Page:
On the basis of the above, in our narrative review statement, we wanted to draw attention to the possibility of nephrological treatments for severe diuretic-resistant heart failure. The most studied connection was “heart failure” and “nephrologist”. The announcements corresponding to the search terms are listed in Table 1. It can be seen from the listed publications that the association between “heart failure” and other diseases has been a concern of researchers since 1879.
Not surprisingly, the epidemiology, molecular biology, symptomatology, and cardiology of heart failure have been intensively researched and published. In the same way, a very significant number of publications have been published on the topic of diuretic resistance. Unfortunately, however, only 15 publications have been published on intertwining diuretic resistance and nephrology. Furthermore, researchers have dealt with cardiorenal syndrome since 1946, but reports on its connection with nephrology have only been published since 2002. All these results draw attention to the fact that nephrological therapeutic options are not considered in treating certain cardiology diseases.

4. Diuretic Resistance to Heart Failure

Heart failure, including diuretic-resistant heart failure, can be responsible for the repeated hospitalization of such patients. Unfortunately, epidemiological data show that this number is regrettably increasing [10]. In treating fluid overload in severe heart failure, loop diuretics are the mainstay of diuretic treatment. Loop diuretics reversibly inhibit sodium reabsorption in the thick ascending limb of the loop of Henle. This is why loop diuretics are primarily used, since most sodium reabsorption occurs in the ascending limb, enabling a more significant diuresis.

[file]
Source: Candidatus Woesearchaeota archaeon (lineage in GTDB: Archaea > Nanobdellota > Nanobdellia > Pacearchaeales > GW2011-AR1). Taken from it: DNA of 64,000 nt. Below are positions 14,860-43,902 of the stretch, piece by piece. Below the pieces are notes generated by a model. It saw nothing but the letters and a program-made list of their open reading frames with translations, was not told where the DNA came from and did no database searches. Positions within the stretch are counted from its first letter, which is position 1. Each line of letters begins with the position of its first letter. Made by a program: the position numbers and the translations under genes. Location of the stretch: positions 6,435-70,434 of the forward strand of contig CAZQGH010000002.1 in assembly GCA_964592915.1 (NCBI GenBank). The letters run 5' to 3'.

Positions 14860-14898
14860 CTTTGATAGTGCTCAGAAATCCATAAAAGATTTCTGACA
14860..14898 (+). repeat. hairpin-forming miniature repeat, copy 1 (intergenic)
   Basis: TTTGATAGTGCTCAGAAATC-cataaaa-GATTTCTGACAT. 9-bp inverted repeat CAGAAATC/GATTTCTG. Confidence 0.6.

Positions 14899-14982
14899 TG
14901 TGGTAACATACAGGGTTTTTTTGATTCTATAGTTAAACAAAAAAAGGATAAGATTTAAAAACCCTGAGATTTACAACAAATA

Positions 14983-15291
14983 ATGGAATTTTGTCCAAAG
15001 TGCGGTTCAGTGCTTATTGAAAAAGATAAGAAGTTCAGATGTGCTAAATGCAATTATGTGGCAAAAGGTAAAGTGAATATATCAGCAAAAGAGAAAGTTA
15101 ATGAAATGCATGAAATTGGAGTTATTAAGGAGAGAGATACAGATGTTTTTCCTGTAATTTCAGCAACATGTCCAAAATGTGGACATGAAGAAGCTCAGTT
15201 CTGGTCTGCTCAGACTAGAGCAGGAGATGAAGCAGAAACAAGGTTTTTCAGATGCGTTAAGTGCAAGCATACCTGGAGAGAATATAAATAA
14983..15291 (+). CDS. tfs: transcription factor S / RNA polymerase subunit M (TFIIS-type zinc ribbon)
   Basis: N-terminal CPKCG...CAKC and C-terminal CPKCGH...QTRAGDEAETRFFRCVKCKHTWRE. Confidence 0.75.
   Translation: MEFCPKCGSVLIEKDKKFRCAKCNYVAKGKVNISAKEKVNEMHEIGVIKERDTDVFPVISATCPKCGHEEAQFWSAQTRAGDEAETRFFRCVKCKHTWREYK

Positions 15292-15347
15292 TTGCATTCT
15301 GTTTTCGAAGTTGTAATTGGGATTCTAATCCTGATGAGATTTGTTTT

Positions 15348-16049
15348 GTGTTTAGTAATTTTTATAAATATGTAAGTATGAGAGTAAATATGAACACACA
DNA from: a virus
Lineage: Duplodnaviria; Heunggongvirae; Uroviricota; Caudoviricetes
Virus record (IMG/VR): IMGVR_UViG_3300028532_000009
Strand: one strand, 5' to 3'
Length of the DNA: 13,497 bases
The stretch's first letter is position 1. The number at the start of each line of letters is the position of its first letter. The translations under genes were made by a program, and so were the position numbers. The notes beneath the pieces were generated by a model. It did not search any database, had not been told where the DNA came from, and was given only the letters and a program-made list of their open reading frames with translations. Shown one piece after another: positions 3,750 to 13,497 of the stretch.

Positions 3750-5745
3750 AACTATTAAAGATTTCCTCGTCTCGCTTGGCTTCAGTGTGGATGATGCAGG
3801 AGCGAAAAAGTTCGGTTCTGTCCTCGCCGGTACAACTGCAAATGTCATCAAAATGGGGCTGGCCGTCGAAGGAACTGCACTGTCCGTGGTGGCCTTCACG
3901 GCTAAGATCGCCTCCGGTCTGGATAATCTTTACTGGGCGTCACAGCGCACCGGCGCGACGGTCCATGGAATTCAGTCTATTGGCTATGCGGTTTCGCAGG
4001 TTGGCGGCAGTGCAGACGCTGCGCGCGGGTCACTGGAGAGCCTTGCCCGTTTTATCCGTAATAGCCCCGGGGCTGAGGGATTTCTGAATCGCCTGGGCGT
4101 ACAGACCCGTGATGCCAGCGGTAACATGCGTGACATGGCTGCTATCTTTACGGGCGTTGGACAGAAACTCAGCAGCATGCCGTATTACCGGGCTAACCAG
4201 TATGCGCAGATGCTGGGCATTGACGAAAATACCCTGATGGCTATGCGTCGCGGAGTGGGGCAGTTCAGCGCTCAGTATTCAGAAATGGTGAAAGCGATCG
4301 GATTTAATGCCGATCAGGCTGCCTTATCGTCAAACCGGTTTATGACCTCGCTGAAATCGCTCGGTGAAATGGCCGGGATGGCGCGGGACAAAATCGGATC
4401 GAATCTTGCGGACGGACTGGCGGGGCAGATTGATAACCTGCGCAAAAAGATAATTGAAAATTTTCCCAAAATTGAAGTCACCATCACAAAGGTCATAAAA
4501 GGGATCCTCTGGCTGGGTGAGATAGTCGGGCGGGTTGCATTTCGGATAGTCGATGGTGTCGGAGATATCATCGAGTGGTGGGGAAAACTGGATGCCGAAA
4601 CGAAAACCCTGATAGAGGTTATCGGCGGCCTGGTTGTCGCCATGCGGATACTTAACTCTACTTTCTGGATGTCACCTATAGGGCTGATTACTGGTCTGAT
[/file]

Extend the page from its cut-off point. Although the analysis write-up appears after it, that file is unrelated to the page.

Other diuretics, such as thiazides, act on the distal ascending limb, while potassium-sparing diuretics work on the collecting ducts. Sodium reabsorption is lower in those sections of the nephron [11]. The family of loop diuretics, such as the most used furosemide, torasemide, and bumetamide, theoretically inhibits the same symporter in the apical membrane of the macula densa cells. Reduced sodium reabsorption further inhibits tubuloglomerular feedback and, thus, stimulates renin secretion [12]. On the other hand, the renin–angiotensin–aldosterone system (RAAS) increased by loop diuretics increases the plasma renin level, which also causes an increase in angiotensin II.
Nevertheless, this increase in RAAS activity can further inhibit tubuloglomerular feedback, thus reducing the glomerular filtration rate (GFR), i.e., a narrowing of kidney function [12]. RAAS activated by loop diuretics increases systemic blood pressure, as well as sodium and water reabsorption. In addition, loop diuretics also increase the level of vasodilator prostaglandins, as a result of which an increase in pressure also occurs in the proximal tubule [13]. Due to the countervailing effects of these biochemical processes, high doses of intravenous (IV) loop diuretics can either decrease or increase arterial blood pressure. Furthermore, blood flow to the kidneys decreases due to centralizing circulation [14], and decreasing kidney function itself further reduces the effective fluid removal with diuretics.
Another reason for diuretic resistance, in addition to the activation of the RAAS, is that structural changes in the nephrons also occur, also known as the “braking phenomenon”. Chronic use of loop diuretics results in hypertrophy and hyperplasia of the cells of the distal tubules. Hypertrophy of distal tubular cells reduces the response to diuretics due to compensatory increased sodium reabsorption [15].